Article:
Scientists have developed a breath test that can help people identify foods that trigger uncomfortable bloating.
The device, called the FoodMarble, measures the levels of gases in the breath – which experts claim can predict when a certain meal will lead to irritable bowel syndrome (IBS) symptoms. The chronic condition also prompts constipation, diarrhoea and stomach cramps.
Studies have shown that FoodMarble reduces the bloating and flatulence in those regularly using the device – which measures hydrogen and methane levels as patients exhale.
Experts claim certain food types that are difficult to break down are most likely to trigger these gases to build up.
‘Most people aren’t able to pinpoint what foods are causing them these symptoms because we eat such a variety of things throughout the day,’ says Dr Claire Shortt, chief scientist at FoodMarble. ‘Within weeks of using this device, people are able to identify the foods they should avoid eating.
The pocket-sized Foodmarble (pictured) – dubbed ‘the world’s first personal digestive tracker’ – is a portable version of a breath test machine used in hospitals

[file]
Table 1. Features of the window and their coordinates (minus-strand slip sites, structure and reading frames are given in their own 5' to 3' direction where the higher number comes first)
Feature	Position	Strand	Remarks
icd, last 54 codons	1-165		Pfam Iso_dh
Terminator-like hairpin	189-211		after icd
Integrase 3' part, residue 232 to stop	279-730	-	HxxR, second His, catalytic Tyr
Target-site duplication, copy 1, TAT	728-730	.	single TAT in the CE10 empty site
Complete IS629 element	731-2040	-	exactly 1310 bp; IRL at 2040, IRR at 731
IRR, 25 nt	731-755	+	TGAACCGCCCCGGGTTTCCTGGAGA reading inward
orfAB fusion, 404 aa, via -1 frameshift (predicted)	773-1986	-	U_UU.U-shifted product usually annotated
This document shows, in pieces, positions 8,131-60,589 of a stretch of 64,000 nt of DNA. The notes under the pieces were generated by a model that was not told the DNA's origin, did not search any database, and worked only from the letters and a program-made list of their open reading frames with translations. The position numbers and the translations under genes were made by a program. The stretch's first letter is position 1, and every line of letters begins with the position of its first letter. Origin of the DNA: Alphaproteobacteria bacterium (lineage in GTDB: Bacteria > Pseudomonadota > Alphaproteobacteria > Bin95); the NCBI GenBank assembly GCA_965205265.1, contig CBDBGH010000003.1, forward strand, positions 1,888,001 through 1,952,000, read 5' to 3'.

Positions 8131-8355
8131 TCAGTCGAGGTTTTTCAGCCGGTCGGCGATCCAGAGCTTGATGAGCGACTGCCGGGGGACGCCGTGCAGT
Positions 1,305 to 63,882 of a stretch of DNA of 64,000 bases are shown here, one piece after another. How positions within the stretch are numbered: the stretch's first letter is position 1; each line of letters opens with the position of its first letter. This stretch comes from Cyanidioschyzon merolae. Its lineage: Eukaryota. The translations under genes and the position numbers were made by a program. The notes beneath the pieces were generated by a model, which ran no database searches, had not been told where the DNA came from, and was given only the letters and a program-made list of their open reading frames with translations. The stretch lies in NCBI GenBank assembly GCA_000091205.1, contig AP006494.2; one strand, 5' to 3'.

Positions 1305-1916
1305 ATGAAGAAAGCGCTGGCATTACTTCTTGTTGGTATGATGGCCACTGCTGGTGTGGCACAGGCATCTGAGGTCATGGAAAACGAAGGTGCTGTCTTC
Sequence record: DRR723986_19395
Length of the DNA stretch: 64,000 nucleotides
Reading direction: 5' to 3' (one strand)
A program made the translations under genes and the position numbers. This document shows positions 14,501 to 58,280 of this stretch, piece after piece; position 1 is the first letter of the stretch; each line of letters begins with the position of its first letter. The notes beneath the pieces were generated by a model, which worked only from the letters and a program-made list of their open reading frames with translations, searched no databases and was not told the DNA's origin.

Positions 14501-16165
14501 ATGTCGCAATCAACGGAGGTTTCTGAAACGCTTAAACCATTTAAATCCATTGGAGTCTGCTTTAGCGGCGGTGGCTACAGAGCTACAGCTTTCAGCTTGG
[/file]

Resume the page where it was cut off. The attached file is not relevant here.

‘As a result, they had fewer symptoms and were more comfortable.’
Dairy products, fruit and pulses tend to be the most frequent culprits. These foods cannot be fully absorbed by the body and instead ferment when they come into contact with gut bacteria.
This process creates gases – namely hydrogen or methane – which enters the bloodstream and then the lungs.
While uncomfortable bowel symptoms can affect anyone, experts say they are most common in people with IBS, which affects some 13 million Britons. This is due to the sensitive nerve fibres in their bowels which are easily irritated by excess gas.
‘Most people start the day with very little gas,’ adds Dr Shortt, ‘but as the day goes on these levels increase. This means that, by the end of the day, it’s hard to work out what exactly you ate which led to the bloating that you’re experiencing.’
The FoodMarble device, which measures both hydrogen and methane levels, costs £199.
It is designed to be used after every meal alongside an app, where users note down what they have eaten.
Over time, the app is able to identify which foods are corresponding with higher levels of gas.
‘It’s not about cutting out food groups completely,’ explains Dr Shortt. ‘There are many items of food – such as fruit and pulses – which cause gas but are good for your health.
‘Instead, tracking your gas levels means you can learn to eat the foods that cause you problems either in smaller amounts or less frequently.’